We aimed to determine the effectiveness and safety of using acupuncture to treat mumps in children.
Acupuncture has been used to treat children with mumps for hundreds of years in China. Benefits attributed to acupuncture include decreased swelling and pain, and shortening of the disease duration. According to traditional Chinese medicine, health is achieved by maintaining an uninterrupted flow of Qi, or energy, along 14 meridians. Mumps is caused by 'wind warmth evil' (epidemic heat) and 'pyretic toxicity' accumulated in the Shaoyang and Yangming meridians, thus the flow of Qi, sputum and 'heat evil' stagnate in and around the ears and the cheeks. Acupuncture can help expel 'wind warmth evil', clear pathogenic heat, remove toxic substances, act as an anti-inflammatory, alleviate pain and re-establish the normal flow of Qi, thus restoring internal balance.
No trials met our inclusion criteria.
This update aimed to systematically review all randomised controlled trials (RCTs) that examined the efficacy and safety of acupuncture for children with mumps. The evidence is current to December 2014. Although acupuncture has been widely used in China for children with mumps and quite a number of trials claiming to be RCTs have been published, we identified no eligible trials. Although no trials were included, we reviewed the studies we found and there were no reports of adverse events with acupuncture as a treatment for children with mumps. Therefore, we cannot draw any definite conclusions about the efficacy and safety of acupuncture for children with mumps.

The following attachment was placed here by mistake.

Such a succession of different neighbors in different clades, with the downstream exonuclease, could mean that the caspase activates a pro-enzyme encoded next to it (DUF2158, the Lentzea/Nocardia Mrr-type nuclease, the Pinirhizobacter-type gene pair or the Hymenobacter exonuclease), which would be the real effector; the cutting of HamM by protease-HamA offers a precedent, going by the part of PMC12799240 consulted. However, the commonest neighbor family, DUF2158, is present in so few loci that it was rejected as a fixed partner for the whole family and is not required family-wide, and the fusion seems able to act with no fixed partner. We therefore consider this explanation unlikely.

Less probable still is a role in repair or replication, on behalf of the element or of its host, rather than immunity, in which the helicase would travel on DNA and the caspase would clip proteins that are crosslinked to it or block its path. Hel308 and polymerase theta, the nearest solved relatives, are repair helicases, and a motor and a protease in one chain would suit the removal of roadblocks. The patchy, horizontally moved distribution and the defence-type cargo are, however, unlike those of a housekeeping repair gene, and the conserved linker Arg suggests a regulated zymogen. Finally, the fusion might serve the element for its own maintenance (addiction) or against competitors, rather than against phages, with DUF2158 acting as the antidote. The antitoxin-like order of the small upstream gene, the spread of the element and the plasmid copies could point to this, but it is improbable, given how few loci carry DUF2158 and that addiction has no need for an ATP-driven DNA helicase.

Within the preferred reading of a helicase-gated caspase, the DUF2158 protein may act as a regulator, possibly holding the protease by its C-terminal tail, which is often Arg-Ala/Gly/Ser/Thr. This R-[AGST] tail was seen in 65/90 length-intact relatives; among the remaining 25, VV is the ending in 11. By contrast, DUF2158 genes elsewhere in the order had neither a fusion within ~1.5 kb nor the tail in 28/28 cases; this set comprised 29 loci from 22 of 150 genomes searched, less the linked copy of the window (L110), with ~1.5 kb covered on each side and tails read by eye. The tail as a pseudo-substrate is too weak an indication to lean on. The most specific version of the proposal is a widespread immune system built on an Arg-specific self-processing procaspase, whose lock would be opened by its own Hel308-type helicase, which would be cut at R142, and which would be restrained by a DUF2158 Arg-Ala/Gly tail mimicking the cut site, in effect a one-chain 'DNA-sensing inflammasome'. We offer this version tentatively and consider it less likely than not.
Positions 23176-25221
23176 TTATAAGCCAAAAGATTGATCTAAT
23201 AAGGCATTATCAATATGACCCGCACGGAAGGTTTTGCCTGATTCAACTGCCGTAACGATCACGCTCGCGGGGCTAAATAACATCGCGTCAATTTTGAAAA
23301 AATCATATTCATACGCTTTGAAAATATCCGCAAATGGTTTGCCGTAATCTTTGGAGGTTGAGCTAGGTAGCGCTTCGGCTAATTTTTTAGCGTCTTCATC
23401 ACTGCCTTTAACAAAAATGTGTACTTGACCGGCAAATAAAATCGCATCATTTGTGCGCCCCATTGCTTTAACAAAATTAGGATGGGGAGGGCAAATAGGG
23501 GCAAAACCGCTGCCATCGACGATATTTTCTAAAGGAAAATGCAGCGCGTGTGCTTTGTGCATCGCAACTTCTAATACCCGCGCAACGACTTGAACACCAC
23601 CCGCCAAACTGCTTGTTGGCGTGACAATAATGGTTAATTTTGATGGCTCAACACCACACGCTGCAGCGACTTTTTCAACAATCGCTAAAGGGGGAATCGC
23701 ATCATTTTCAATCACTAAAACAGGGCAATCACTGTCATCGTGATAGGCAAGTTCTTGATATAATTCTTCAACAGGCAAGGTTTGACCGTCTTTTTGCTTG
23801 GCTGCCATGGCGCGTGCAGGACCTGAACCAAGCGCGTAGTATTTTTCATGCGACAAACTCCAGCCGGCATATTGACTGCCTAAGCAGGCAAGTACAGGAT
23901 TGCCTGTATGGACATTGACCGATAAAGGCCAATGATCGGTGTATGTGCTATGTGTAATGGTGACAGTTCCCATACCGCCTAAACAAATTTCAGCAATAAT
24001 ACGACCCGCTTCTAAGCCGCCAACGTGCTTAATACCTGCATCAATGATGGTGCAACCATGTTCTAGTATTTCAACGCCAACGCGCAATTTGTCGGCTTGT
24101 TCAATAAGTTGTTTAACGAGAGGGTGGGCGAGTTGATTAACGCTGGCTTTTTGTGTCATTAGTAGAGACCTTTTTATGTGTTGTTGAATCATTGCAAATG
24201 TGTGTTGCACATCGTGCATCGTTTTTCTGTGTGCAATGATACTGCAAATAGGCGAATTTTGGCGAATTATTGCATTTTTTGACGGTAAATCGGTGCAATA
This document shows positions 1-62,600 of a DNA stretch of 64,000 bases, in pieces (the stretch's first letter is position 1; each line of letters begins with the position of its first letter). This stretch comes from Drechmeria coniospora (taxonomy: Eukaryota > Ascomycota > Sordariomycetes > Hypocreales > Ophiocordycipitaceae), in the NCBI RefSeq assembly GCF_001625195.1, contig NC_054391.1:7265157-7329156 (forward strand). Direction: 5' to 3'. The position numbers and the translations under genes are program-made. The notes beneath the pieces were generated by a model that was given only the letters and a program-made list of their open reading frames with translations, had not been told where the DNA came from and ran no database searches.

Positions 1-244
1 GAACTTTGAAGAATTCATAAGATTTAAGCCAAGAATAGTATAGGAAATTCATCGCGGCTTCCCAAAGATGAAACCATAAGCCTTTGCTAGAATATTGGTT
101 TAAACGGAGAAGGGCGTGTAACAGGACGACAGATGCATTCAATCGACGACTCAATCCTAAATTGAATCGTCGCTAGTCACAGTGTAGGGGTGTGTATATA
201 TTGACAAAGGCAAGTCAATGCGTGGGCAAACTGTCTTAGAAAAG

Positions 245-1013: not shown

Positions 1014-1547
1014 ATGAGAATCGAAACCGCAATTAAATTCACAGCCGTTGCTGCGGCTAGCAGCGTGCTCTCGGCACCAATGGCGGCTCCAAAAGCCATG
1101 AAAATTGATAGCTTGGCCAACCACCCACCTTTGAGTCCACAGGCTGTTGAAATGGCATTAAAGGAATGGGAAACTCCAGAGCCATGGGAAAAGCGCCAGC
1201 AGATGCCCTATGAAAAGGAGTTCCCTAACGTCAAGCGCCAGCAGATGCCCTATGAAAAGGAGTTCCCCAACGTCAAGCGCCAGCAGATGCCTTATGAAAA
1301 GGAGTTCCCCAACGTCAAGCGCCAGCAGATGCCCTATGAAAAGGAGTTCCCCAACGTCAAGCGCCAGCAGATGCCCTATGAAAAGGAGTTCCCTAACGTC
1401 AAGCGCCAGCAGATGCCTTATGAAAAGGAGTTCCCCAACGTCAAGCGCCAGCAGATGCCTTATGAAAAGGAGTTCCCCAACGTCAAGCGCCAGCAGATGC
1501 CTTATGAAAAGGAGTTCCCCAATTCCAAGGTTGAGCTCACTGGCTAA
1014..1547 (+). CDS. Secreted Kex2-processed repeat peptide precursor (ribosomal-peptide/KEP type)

We could not reach any conclusion about the efficacy and safety of acupuncture as we identified no trials for inclusion in this review. More high-quality research is needed.
Mumps is an acute, viral illness transmitted by respiratory droplets and saliva. A number of studies published in China have suggested that acupuncture is beneficial for children with mumps but the literature reporting the benefits or harms of acupuncture for mumps has not been systematically reviewed.
To determine the efficacy and safety of acupuncture for children with mumps.
We searched CENTRAL (2014, Issue 11), MEDLINE (1950 to November week 3, 2014), EMBASE (1974 to December 2014), CINAHL (1981 to December 2014), AMED (1985 to December 2014), the Chinese BioMedical Literature Database (CBM) (1979 to November 2014), China National Knowledge Infrastructure (CNKI) (1979 to November 2014), Chinese Technology Periodical Database (CTPD) (1989 to November 2014) and Wanfang database (1982 to November 2014). We also handsearched a number of journals (from first issue to current issue).
Randomised controlled trials comparing acupuncture with placebo acupuncture, no management, Chinese medication, Western medication or other treatments for mumps. Acupuncture included either traditional acupuncture or contemporary acupuncture, regardless of the source of stimulation (body, electro, scalp, fire, hand, fine needle, moxibustion).
Two review authors independently extracted data. We identified no trials for inclusion in this updated review.
No study met our inclusion criteria.